Pass Protection Paramount Against Philadelphia


The Packers offensive line made considerable strides this past week when it did not allow quarterback Brett Favre to be sacked, or even hit for that matter, even once in Detroit.

Anything approaching a similar effort will be a Herculean task this week at Philadelphia.

The Eagles come into Monday night's game tied for the NFL lead in sacks with 16, or an average of 5-plus per game. Led by second-year defensive end Trent Cole, who is tied for tops in the league with five sacks, the Eagles' ability to put pressure on the quarterback hasn't dropped off any with the loss of former All-Pro Jevon Kearse, who had 31/2 sacks in the first two games before being lost for the season with a knee injury.

Many of those sacks come from Philadelphia's well-executed blitz packages. Eagles defensive coordinator Jim Johnson is known to bring pressure from anywhere at anytime, and it has resulted in seven different players recording sacks in the first three games.

"His whole philosophy is 11 defensive players versus the quarterback," said cornerback Al Harris, who played under Johnson before joining the Packers in 2003. "You can see it in his scheme."

Packers offensive coordinator Jeff Jagodzinski explained that when the Eagles blitz, Johnson often overloads one side of the formation. It might be the strong side (where the tight end lines up) or the weak side, and it's often disguised until just before, or at times right after, the snap.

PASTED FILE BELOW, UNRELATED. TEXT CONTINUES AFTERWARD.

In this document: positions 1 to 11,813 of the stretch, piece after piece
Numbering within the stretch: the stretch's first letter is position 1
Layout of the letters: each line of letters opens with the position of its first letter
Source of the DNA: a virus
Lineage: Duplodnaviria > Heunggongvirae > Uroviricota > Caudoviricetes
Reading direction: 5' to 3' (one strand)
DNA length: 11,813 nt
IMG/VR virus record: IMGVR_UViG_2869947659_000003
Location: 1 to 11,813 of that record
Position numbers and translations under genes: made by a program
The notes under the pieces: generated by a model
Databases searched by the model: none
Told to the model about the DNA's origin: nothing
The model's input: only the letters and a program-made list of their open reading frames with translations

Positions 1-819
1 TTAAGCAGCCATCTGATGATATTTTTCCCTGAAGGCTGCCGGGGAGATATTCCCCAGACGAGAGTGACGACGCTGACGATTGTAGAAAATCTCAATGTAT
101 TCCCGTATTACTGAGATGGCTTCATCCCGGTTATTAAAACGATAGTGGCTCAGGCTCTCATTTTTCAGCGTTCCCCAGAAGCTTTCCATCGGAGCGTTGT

"Third down is where he brings a lot of his stuff," Jagodzinski said.

The scheme requires the offense to be ready for anything, and to be able to adjust quickly. One missed assignment or missed read and the quarterback might get buried before he even finishes dropping back to pass.

"Basically communication and recognition is the big challenge this week," center Scott Wells said. "Being on the road again, being able to see those things and communicate those things with the crowd noise will be huge."

That's what the Packers were able to do so well last week, though the Lions didn't blitz nearly as often as the Eagles will.

During much of the Detroit game, the Packers used a seven-man protection, with the five linemen plus two tight ends, or one tight end and a running back. That only left three receivers out in the pattern at the snap, but if one of the extra blockers didn't have to pick up a rusher, he could sneak out into the route as an extra receiver.

Favre had a great day going to those extra receivers, which are referred to as check-downs, when his primary targets weren't open, and his 127.1 quarterback rating was the single most valuable factor in the Packers' victory.

If the Packers can execute with the same efficiency on Monday, they may be able to take advantage of the Eagles' aggressiveness. But over the years, Johnson and the Eagles have come out way ahead in the risk-reward analysis regarding blitzes, primarily because they have so many veteran players who have worked together in the scheme for years.

"It leaves them vulnerable to big plays," offensive tackle Mark Tauscher said. "But they do a great job of covering their bases and bringing the pressure to make you make quick decisions."

How quick depends on the protection, and it's unknown just how well the Packers will do. What is known is that the Eagles will blitz, and blitz often.

"Philly is going to give you what Philly is going to give you," tight end Bubba Franks said. "There's certain situations where they may heat it up a little bit more. You have to be pretty smart to pick it up.

"All the guys have to be on the same page, and you just have to be able to communicate. As long as we're able to communicate up front, we shouldn't have a problem."

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